top of page
  • Writer's pictureJessica Frizzell, PA-C

What is the Difference Between Rheumatoid Arthritis and Osteoarthritis?

When it comes to managing autoimmune diseases, arthritis is often part of the picture. In casual conversations, you will probably hear the two terms thrown around interchangeably. Because of this, the implications and meanings of these terms may be confused, thought their causes, treatments, and prognoses are very different.

But we want to set the record straight.

The word “arthritis” is not a catch-all term, and comparing rheumatoid arthritis and osteoarthritis is a prime example.

Yes, both medical conditions contain “arthritis” in their names. Yes, both are types of arthritis. But no, they are not brought on by the same underlying reasons or root causes. They also do not have the same disease progression or follow the same treatment plans.

The Mayo Clinic website explains: “Rheumatic diseases are autoimmune and inflammatory diseases that cause your immune system to attack your joints, muscles, bones and organs. Rheumatic diseases are often grouped under the term ‘arthritis’ — which is used to describe over 100 diseases and conditions. This does not include the most common form of arthritis, known as osteoarthritis, which results in a breakdown of bone and cartilage in joints rather than inflammation.”

What does this mean for a patient battling rheumatoid arthritis (commonly called RA)? What about a patient diagnosed with osteoarthritis (referred to as OA)? When you know what is happening to your body, you can better recognize your symptoms and understand the appropriate treatments.

The Mayo Clinic describes how the two differ: “Osteoarthritis, the most common form of arthritis, involves the wearing away of the cartilage that caps the bones in your joints. With rheumatoid arthritis, the synovial membrane that protects and lubricates joints becomes inflamed, causing pain and swelling. Joint erosion may follow.”

Are you concerned you could have RA or OA?

Are you experiencing worrisome symptoms?

Are you looking for answers about your body?

You’ve found the right place to get help with either condition! A rheumatologist treats all kinds of rheumatic diseases and arthritis, including RA and OA. Statistics show these conditions are more common than you might think.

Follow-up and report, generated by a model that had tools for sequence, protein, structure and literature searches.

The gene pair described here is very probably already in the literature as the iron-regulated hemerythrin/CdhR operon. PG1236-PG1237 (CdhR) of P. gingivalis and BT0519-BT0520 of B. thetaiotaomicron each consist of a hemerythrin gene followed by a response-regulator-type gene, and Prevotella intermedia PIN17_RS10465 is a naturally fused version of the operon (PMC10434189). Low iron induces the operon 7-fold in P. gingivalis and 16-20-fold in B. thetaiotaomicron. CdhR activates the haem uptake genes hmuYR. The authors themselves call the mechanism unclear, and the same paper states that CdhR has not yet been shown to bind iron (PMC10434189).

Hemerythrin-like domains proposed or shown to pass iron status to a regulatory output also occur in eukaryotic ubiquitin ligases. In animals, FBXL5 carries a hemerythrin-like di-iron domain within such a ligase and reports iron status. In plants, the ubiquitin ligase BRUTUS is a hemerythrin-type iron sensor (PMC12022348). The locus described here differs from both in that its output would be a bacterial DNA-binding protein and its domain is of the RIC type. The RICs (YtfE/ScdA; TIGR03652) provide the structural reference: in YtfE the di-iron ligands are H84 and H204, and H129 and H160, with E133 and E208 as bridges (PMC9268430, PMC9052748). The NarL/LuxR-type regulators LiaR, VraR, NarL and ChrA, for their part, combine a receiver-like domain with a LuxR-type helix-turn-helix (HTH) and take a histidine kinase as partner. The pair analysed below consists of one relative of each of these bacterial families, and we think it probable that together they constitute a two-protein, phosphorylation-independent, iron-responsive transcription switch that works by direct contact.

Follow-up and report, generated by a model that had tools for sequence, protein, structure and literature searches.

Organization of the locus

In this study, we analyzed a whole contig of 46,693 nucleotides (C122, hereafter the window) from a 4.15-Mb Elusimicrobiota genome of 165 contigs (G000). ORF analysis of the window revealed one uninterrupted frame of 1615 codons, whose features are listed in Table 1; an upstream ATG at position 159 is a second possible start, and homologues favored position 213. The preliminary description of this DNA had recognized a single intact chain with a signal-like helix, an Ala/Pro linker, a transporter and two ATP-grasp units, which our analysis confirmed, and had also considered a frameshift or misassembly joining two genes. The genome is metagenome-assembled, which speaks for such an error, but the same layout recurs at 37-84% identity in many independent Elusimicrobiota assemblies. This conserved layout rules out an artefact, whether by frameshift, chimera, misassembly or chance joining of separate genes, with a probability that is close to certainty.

According to the American College of Rheumatology: “RA is the most common form of autoimmune arthritis. It affects more than 1.3 million Americans. About 75% of RA patients are women. In fact, 1 – 3% of women may get rheumatoid arthritis in their lifetime. The disease most often begins between the ages of 30 and 50. However, RA can start at any age.”

In comparison, the American College of Rheumatology states: “OA is a top cause of disability in older people … OA is a frequently slowly progressive joint disease typically seen in middle-aged to elderly people … It is commonly referred to as ‘wear and tear’ of the joints, but we now know that OA is a disease of the entire joint, involving the cartilage, joint lining, ligaments, and bone … OA tends to affect commonly used joints such as the hands and spine, and the weight-bearing joints such as the hips and knees.”

What should you do if you think you have RA or OA? See a rheumatologist to receive the correct diagnosis!

It is vital to know the exact condition you are dealing with, especially since the overall care and specific treatments are drastically different between the two.

The healthcare team at Paducah Rheumatology is here for you! We are dedicated to helping you learn about your body and discover what works best to treat your condition. Give us a call at 270-408-6100, and let’s get you feeling and moving better.

94 views0 comments


bottom of page